Economic Sophisms/170

<pagequality level="3" user="Zoeannl" />style="background: #ececec; text-align: left; padding-left: 0.5em; font-weight: bold;" class="table-rh"I think I hear you answer, "It is not we who have established it. Alas! we are neither Peers, nor Deputies, nor Councillors of State. The capitalists have done it all.

Verily, they must have been in a good humour that day! What! these capitalists have made the law; they have established a policy of prohibition for the express purpose of enabling you to profit at their expense!

But here is something stranger still.

How does it come to pass that your pretended friends, who hold forth to you on the goodness, the generosity, and the self-abnegation of capitalists, never cease condoling with you on your being deprived of your political rights? From their point of view, I would ask what you could make of such rights if you had them? The capitalists have a monopoly of legislation;—granted. By means of this monopoly, they have adjudged themselves a monopoly of iron, of cloth, of textile fabrics, of coal, of wood, of meat,—granted likewise. But here are your pretended friends, who tell you that in acting thus, capitalists have impoverished themselves, without being under any obligation to do so, in order to enrich you who have no right to be enriched! Assuredly, if you were electors and deputies tomorrow, you could not manage your affairs better than they are managed for you; you could not manage them so well.

If the industrial legislation under which you live is intended for your profit, it is an act of perfidy to demand for you political rights; for these new-fashioned democrats never can get quit of this dilemma—the law made by the bourgeoisie either gives you more, or it gives you less than your natural wages. If that law gives you less, they deceive you, in soliciting you to maintain it. If it gives you more, they still deceive you, by inviting you to demand political rights at the very time when the bourgeoisie are making sacrifices for you, which, in common honesty, you could not by your votes exact, even if you had the power.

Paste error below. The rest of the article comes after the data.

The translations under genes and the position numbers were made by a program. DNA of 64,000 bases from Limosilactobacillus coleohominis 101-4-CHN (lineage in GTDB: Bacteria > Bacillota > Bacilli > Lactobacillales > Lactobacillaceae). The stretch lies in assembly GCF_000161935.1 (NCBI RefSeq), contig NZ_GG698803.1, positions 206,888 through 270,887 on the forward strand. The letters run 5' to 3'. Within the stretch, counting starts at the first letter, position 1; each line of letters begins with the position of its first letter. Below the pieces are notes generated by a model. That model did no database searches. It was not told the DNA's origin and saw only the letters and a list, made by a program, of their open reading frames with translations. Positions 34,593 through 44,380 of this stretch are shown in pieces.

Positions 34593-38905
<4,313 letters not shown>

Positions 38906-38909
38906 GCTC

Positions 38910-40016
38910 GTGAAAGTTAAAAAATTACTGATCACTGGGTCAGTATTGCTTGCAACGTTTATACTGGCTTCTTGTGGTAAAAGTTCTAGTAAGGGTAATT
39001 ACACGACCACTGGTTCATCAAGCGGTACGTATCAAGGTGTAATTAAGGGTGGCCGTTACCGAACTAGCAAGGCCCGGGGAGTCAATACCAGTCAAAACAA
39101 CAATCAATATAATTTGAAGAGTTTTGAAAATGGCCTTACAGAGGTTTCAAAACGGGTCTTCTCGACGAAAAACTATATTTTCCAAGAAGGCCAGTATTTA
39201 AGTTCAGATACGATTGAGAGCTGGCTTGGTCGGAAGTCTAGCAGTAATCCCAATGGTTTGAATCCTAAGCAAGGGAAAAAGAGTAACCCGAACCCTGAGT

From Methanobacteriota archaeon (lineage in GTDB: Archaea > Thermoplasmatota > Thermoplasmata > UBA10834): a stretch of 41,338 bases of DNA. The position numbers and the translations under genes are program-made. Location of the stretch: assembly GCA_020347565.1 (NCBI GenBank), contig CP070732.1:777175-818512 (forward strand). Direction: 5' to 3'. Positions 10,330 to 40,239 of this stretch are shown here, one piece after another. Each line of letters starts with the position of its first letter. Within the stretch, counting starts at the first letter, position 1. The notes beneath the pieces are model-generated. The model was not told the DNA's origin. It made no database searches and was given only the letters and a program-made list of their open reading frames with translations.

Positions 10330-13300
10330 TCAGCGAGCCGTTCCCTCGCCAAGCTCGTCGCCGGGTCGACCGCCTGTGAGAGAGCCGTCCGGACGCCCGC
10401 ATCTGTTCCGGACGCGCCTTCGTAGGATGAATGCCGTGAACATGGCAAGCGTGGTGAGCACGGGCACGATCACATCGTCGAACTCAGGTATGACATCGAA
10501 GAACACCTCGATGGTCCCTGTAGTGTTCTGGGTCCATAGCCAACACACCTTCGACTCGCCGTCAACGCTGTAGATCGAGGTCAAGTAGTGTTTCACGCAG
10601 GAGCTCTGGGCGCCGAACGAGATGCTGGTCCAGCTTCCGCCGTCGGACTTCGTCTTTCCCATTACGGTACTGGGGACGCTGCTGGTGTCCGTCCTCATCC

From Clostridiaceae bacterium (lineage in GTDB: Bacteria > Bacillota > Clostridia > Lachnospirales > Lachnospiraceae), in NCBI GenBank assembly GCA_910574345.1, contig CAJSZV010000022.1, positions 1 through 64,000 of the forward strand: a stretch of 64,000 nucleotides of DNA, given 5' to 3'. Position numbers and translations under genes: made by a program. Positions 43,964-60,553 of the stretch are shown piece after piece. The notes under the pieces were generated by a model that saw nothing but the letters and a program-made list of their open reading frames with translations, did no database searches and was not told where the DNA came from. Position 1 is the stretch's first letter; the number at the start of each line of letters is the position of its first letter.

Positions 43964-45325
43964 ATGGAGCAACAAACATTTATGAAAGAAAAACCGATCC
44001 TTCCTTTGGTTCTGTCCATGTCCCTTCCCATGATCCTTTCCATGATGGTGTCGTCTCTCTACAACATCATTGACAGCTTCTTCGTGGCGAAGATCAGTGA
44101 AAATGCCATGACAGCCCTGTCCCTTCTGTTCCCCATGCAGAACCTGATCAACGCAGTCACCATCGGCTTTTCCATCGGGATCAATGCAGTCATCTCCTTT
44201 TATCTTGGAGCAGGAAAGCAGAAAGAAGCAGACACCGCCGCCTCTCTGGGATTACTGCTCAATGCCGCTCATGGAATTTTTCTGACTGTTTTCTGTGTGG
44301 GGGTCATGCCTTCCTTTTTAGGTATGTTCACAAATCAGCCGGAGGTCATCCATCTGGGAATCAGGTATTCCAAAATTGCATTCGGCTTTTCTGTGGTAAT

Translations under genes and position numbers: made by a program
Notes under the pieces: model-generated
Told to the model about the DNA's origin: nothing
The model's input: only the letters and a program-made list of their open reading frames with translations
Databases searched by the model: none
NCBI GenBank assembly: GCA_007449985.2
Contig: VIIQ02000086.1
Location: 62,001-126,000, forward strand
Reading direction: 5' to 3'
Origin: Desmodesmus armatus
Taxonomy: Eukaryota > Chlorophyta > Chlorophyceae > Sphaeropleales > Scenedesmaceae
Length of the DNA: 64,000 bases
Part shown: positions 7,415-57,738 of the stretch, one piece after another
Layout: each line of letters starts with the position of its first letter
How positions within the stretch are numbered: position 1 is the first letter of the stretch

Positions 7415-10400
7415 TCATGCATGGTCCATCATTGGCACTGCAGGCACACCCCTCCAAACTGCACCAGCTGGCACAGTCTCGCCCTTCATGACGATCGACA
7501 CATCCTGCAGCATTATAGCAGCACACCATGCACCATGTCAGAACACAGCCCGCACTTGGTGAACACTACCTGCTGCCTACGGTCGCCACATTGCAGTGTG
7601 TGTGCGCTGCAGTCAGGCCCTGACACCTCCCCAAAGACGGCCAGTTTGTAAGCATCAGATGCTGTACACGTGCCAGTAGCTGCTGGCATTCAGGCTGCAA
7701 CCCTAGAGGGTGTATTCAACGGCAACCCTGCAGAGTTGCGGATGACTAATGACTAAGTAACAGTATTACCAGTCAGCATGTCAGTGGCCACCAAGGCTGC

Workmen! I should be sorry indeed if this address should excite in your minds feelings of irritation against the rich. If self-interest, ill understood, or too apt to be alarmed, still maintains monopoly, let us not forget that monopoly has its root in errors which are common to both capitalists and labourers.

Instead of exciting the one class against the other, let us try to bring them together. And for that end what ought we to do? If it be true that the natural social tendencies concur in levelling inequalities among men, we have only to allow these tendencies to act, remove artificial obstructions which retard their operation, and allow the relations of the various classes of society to be established on principles of Justice—principles always mixed up, in my mind at least, with the principle of Liberty.